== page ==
sata but at some place less accessible to Dura than Antioch. But it is not possible to assign them to a date later than the first emission of Antioch. The dated gold piece,19 whether or not it inaugurated the coinage of that mint, was probably struck in January 255, and to put all the first emission of Antioch before that date and then leave a gap until the middle of 256 is quite unreasonable. It follows that the coins of the second mint were not later but less common in Dura than those of Antioch. There is no difficulty in supposing that a soldier might have coins struck in Emisa, as he had one struck in Rome, though the general supply of the town came from Antioch.

The case of Hoard XVII, which was not published when Alföldi wrote, is peculiar. It was found by the Comte du Mesnil, and the envelope in which it was contained was labelled "L 7 tombeau." Now L 7 is a block lying along the city wall, and there are no tombs there, so that the notation was at first dismissed as a mere error. But Dr. Toll tells me that in L 7 were found some hasty burials undoubtedly of soldiers killed in the defense of the town, and it is highly probable that the word "tombeau" means that these coins were associated with one of those burials. More specific information is unfortunately impossible now, but two considerations strongly support this theory. First the condition of the coins themselves, very badly corroded and showing no sign of a container, suggest that they had lain loose in the ground and had never been intentionally buried like the other hoards under the wall. Second, and more important, is the parallel between this hoard and the money found with the corpses in the mine. In both cases, the bulk of the coins are from Emisa, rare elsewhere in the city, and in both cases there are coins from the mint of Rome not otherwise found at Dura. We have to do, then, not with the date of the embankment but of that of the city's capture. of course, the most important feature of this hoard is the inclusion of our only two specimens from the second emission of Antioch. This emission must begin in 256, and Alföldi would like to put it early in that year. To this I have no objection, but I do not think it can be pushed back to 255. These pieces, together with those from Emisa, suggest that the soldiers who carried them were members of a last-minute reinforcement sent to the city and the entire absence of other coins of the second emission indicates that after the arrival of that body of men Dura was cut off from Antioch. How long after this it was actually captured depends on calculations in which the coins are of no service.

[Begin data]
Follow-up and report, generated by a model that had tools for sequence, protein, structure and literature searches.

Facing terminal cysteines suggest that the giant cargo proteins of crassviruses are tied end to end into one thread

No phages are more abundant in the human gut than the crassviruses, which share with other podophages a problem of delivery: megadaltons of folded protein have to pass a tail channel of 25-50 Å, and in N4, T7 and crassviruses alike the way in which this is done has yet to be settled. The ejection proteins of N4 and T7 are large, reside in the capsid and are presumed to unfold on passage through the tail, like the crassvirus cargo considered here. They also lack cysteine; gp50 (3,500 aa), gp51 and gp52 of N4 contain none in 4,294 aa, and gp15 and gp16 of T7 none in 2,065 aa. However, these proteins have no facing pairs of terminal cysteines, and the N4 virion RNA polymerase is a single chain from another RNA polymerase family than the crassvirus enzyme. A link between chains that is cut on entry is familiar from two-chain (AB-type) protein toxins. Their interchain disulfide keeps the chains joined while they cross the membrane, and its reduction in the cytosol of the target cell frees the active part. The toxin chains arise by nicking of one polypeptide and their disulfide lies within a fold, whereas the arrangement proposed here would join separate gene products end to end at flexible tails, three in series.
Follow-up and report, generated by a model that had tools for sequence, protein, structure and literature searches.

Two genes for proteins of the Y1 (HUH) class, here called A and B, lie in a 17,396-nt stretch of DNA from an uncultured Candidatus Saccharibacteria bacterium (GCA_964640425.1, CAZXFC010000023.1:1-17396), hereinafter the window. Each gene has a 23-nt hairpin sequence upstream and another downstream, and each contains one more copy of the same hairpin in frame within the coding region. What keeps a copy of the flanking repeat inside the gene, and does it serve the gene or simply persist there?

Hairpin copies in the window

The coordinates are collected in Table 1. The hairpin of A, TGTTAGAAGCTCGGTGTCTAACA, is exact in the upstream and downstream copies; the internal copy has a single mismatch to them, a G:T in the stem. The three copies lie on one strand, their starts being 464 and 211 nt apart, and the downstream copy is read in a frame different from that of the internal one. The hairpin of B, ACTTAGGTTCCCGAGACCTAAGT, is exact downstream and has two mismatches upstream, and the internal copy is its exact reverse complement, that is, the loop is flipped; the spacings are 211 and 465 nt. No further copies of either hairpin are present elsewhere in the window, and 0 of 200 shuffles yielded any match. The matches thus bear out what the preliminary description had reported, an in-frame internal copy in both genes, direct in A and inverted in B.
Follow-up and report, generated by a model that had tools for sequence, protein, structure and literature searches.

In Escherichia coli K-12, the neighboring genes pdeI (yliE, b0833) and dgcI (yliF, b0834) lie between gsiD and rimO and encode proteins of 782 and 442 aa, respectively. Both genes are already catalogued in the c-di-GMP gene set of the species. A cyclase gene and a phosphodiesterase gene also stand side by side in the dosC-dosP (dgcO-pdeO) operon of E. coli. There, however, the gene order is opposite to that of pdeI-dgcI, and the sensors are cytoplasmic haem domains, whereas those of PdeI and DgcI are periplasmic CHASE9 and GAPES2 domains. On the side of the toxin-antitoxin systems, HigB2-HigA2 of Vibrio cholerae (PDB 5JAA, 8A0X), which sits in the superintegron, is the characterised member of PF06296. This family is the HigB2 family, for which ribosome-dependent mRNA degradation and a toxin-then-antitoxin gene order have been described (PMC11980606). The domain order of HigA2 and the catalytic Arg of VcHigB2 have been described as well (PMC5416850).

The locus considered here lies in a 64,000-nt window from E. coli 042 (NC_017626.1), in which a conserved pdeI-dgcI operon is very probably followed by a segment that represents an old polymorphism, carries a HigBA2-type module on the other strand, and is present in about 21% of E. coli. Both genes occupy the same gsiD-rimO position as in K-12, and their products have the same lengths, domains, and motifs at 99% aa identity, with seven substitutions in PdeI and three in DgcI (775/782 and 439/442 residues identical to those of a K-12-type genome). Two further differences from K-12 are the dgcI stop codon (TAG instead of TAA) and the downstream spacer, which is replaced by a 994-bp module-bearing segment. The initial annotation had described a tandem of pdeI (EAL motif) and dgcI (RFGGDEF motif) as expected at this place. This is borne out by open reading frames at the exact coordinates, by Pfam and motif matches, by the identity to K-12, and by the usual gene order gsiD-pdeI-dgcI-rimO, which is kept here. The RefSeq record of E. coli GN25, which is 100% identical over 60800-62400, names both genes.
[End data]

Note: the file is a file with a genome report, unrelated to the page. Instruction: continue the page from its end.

19. Above, p. 66, n. 14.


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